Dog Training > Dog Training > Dog Obedience Training

Dog Obedience Training

Your dog is genetically determined to crave social order. He wants and needs leadership, and you--as his owner--are his best hope for providing guidance and leadership. But you can't expect your dog to automatically know and follow the rules of your household. Dog obedience training is your job.

Dogs are unique and have individual behavioral characteristics. Dog obedience training will help correct any behaviors that are unacceptable or annoying. The dog obedience training process will strengthen the bond between you and your dog. A dog that is trained to behave is safer, happier, and more confident.

If you really want to take your dog obedience training to a higher level, you may be interested in training to compete in dog obedience trials. Obedience trials are a sport that demonstrate your dog's ability to follow certain routines accurately and willingly in competition.

Obedience trials run by the American Kennel Club (AKC) are designed to "demonstrate the usefulness of the purebred dog as a companion to man." AKC obedience trials give owners an opportunity to showcase their well-behaved purebred dog and earn AKC titles and certificates. To be eligible to compete in AKC obedience trials, your dog must be registered with the AKC and be six months old or older. More than 150 breeds are recognized by the AKC.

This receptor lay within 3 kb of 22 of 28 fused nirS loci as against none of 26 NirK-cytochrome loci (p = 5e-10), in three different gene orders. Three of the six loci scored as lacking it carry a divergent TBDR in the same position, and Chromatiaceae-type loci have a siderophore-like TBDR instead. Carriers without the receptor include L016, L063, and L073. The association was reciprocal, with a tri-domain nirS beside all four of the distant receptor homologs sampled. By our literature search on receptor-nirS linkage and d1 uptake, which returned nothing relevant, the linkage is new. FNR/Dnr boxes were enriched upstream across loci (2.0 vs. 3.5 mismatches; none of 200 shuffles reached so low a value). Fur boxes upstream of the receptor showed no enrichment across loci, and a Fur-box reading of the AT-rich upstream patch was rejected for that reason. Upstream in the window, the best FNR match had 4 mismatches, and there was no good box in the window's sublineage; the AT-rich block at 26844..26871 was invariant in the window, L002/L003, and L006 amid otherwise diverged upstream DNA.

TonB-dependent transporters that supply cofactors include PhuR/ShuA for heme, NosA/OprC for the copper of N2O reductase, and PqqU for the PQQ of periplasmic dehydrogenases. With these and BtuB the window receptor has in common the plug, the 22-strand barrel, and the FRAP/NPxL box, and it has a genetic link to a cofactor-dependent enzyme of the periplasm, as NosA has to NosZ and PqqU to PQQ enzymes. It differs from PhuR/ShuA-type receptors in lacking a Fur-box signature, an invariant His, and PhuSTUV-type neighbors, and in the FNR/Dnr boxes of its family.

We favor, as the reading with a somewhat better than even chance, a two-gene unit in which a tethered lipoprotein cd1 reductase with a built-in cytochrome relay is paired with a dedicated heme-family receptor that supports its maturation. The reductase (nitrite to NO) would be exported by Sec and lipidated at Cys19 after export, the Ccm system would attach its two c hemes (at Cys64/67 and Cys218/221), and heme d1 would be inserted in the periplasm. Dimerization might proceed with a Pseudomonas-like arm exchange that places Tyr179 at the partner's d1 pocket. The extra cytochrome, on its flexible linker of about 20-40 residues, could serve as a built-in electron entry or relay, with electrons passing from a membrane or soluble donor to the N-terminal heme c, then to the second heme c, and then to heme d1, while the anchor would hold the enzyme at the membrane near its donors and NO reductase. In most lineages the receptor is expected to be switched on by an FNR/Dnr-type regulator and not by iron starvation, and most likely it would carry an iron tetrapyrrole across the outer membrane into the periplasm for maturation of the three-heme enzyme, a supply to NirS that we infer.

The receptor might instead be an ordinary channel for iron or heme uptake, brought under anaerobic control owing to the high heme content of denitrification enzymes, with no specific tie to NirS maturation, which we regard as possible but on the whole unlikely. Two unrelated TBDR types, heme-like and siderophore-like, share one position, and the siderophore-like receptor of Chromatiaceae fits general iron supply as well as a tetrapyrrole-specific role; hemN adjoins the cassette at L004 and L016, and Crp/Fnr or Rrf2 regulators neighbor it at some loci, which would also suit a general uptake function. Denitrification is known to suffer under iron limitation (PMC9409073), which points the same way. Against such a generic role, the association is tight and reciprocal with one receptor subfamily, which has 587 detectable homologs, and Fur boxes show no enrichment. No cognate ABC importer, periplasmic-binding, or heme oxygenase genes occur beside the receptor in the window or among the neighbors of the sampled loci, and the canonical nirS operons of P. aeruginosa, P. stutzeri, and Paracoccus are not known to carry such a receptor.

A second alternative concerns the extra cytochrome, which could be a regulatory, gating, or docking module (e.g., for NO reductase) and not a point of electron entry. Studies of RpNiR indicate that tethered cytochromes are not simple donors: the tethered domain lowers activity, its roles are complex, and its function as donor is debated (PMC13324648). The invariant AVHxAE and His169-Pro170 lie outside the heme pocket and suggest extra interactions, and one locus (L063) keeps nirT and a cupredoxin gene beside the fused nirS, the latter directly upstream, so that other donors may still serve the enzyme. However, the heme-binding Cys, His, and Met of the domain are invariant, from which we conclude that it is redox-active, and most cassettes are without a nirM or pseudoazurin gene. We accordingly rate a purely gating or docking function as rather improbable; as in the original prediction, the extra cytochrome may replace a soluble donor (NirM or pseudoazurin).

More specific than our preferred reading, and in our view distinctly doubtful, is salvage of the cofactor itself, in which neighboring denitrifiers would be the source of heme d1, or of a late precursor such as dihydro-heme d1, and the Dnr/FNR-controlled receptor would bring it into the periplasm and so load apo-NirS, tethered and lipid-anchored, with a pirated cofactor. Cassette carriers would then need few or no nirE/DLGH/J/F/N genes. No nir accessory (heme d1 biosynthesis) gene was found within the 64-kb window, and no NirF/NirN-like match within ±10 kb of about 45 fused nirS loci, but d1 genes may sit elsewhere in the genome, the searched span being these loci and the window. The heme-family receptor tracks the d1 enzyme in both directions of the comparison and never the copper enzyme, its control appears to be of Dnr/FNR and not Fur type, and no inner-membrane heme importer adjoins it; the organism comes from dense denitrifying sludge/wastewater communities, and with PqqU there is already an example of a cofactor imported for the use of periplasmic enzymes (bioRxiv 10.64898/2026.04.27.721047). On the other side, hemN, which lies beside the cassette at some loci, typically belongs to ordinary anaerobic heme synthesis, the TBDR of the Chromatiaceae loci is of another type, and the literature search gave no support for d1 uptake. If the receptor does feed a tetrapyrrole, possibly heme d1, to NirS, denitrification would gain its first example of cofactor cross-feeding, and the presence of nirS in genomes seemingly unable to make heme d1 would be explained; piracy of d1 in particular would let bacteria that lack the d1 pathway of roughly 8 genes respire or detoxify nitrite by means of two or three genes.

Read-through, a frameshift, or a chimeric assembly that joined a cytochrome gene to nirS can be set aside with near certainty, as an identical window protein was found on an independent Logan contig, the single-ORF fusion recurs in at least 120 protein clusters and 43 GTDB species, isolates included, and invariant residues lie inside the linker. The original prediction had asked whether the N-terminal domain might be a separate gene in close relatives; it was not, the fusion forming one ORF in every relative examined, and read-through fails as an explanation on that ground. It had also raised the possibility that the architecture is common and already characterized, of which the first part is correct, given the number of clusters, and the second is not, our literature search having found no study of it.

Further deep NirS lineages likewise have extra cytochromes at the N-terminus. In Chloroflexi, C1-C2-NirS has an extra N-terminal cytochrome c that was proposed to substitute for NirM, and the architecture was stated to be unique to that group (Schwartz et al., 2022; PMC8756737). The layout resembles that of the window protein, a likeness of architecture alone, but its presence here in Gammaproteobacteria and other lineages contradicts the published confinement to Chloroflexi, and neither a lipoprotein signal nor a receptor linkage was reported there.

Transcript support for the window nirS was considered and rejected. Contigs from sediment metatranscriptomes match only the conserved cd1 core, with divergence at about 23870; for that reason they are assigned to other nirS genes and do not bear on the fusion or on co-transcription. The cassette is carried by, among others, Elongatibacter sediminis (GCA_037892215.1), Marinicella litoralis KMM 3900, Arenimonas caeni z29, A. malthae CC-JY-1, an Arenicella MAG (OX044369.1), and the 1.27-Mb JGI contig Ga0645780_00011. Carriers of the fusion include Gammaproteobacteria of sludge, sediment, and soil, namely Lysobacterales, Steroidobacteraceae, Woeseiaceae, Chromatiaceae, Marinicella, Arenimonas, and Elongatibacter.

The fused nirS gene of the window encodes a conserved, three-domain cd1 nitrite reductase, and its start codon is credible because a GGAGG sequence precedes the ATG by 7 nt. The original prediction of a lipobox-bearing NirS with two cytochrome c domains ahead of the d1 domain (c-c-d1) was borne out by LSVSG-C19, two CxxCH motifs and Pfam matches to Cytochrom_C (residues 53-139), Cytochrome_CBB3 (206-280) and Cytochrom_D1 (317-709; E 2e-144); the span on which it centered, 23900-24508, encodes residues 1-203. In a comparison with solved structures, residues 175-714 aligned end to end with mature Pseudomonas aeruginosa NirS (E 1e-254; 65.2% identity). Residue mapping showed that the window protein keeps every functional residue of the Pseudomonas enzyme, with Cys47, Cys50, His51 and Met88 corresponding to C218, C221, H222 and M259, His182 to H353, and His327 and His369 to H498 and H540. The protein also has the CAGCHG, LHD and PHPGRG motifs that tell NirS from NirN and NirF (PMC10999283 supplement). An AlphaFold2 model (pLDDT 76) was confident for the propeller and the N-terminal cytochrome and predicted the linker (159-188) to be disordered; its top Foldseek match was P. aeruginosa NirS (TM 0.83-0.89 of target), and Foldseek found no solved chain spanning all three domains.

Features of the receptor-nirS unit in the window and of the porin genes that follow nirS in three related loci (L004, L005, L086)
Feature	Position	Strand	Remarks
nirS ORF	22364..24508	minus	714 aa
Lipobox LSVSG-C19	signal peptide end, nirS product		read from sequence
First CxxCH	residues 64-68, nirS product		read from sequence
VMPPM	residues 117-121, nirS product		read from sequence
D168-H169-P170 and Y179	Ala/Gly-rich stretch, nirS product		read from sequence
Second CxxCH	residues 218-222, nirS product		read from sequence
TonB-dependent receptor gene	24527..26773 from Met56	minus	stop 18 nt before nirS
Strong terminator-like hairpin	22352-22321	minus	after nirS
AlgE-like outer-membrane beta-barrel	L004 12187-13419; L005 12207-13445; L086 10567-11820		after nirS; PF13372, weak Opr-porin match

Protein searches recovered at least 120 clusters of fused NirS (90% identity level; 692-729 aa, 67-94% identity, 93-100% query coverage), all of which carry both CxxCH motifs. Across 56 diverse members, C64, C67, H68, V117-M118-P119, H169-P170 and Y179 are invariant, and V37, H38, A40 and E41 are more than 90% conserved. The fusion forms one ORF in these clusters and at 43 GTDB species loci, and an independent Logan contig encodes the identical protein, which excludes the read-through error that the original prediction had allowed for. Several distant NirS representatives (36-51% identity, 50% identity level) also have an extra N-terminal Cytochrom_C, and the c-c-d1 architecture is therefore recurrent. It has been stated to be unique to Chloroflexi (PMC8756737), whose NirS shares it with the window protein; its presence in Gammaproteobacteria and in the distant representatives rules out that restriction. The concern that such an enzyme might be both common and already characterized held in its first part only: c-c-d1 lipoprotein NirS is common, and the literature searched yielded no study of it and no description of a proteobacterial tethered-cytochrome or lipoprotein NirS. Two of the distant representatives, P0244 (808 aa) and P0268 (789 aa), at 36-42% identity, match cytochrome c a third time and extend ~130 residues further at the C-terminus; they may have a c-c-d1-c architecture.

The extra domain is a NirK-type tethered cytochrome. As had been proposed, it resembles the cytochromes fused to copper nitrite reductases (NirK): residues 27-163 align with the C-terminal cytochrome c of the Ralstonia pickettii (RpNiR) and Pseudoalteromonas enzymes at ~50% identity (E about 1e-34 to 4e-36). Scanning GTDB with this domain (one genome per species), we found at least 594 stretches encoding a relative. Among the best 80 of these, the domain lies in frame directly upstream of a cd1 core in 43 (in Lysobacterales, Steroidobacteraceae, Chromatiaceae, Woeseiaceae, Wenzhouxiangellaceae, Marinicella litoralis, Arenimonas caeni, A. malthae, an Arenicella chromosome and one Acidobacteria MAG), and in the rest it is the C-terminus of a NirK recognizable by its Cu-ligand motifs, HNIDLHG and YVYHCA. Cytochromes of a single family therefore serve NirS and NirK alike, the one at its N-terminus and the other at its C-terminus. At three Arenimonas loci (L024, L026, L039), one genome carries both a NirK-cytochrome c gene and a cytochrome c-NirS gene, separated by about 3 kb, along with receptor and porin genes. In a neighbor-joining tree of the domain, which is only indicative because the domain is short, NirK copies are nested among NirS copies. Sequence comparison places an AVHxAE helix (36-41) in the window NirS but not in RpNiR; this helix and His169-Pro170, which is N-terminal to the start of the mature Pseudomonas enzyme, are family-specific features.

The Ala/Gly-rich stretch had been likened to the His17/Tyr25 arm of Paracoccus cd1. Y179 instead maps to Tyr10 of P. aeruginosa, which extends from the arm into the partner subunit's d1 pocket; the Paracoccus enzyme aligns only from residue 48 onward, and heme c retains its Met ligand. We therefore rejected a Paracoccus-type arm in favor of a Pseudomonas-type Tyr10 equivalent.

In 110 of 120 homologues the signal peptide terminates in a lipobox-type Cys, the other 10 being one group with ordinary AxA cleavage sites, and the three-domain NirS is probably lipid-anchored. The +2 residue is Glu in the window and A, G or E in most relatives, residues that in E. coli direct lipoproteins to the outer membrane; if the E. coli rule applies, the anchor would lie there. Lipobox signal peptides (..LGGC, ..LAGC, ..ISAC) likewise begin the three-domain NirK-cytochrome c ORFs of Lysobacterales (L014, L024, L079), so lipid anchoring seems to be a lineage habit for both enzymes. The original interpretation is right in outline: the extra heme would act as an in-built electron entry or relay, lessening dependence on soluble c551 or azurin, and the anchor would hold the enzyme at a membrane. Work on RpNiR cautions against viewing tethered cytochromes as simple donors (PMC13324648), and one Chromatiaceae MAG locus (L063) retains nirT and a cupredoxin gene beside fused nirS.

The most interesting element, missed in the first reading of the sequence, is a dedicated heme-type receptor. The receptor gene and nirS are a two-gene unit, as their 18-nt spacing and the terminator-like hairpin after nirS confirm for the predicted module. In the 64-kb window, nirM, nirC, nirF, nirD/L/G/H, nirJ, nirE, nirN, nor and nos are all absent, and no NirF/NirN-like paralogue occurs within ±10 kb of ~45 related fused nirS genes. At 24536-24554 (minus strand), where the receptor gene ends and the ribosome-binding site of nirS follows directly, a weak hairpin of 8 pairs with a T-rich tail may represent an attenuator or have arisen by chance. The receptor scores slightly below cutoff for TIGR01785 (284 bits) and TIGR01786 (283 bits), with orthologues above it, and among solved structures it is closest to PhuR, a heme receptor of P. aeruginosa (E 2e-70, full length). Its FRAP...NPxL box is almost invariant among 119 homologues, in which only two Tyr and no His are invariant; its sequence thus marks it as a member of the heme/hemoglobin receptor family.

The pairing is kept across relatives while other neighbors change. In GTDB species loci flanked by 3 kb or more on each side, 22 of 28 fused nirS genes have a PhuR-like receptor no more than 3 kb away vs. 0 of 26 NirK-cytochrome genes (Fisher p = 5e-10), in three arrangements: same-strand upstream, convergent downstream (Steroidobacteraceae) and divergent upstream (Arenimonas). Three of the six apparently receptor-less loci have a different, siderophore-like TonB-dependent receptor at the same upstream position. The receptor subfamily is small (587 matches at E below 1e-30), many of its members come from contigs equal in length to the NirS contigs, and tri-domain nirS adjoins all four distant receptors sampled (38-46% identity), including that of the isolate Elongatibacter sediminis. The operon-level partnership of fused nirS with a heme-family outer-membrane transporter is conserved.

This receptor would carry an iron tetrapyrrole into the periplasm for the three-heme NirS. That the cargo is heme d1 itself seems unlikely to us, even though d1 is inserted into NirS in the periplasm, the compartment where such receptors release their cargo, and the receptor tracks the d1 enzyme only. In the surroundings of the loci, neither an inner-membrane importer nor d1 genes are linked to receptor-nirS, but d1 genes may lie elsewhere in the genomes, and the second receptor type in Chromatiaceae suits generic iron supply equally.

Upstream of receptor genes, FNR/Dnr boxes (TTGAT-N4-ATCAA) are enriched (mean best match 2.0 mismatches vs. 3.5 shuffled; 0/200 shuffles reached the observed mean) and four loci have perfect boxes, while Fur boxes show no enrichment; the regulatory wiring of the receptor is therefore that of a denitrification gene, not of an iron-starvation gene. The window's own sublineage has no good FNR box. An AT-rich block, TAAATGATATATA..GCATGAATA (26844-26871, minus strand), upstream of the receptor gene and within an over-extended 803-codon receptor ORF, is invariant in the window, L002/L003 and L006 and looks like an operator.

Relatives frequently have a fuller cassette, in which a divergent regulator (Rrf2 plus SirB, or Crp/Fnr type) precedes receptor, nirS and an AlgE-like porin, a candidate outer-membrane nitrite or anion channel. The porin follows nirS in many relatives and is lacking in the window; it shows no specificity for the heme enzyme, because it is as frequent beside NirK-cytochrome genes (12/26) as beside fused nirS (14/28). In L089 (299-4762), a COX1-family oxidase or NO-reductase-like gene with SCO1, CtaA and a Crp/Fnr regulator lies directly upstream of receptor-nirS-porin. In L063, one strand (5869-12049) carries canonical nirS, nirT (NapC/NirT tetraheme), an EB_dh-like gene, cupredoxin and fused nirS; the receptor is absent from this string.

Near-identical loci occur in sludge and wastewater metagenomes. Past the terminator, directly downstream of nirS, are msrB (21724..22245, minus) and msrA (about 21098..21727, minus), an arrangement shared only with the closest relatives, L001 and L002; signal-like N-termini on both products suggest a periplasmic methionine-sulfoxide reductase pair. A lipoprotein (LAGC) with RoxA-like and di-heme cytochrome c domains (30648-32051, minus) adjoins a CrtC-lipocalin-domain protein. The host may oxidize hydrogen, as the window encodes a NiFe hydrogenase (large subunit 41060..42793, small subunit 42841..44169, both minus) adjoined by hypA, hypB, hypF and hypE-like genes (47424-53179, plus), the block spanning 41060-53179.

To compete successfully in dog obedience trials, you should begin your dog obedience training as early as possible. Training a puppy is easier than an adult dog because there's nothing to "unlearn," but older dogs have competed successfully as well.

Dog obedience training to prepare for trials may be more demanding than you want to attempt at home alone unless you are experienced. Start by locating and contacting your local AKC club. They usually conduct several classes and use the latest training techniques. You should observe a class before signing up to see if it's right for you and your dog.

You can usually choose from several types of classes, include dog obedience training for puppies (three to five months old), basic training for older dogs, training that leads to behavior certificates, and training for specific AKC trials (obedience, agility, etc).

At the classes, the instructor will train you to train your dog, and you'll be expected to practice at home. Dog obedience training can be a lot of fun for you and your dog. Make sure to do your dog obedience training in lots of short sessions, not in one big long session.

Once you've done enough dog obedience training to feel ready for competition, you can enter an AKC obedience trial by submitting an entry form. You'll receive a schedule that lets you know when you'll be competing.

All the exercises are performed in a "ring." As you and your dog perform various exercises, you will be judged. The obedience trial judge compares your performance to standards outlined in AKC Obedience Regulations. After all dogs of a certain class have performed, then placements are awarded. AKC obedience trials usually award ribbons for the top four places.

This this type of dog obedience training sounds like something you want to go for, then start by registering your dog with the AKC. Make sure he's had all of his inoculations and a thorough health checkup. Find a local obedience club and get started with classes. Be sure to attend some obedience trials to see how things normally go.

Dog obedience training will truly enhance the relationship between you and your dog. It's a satisfying and rewarding hobby if you have the time and your dog has the temperament.

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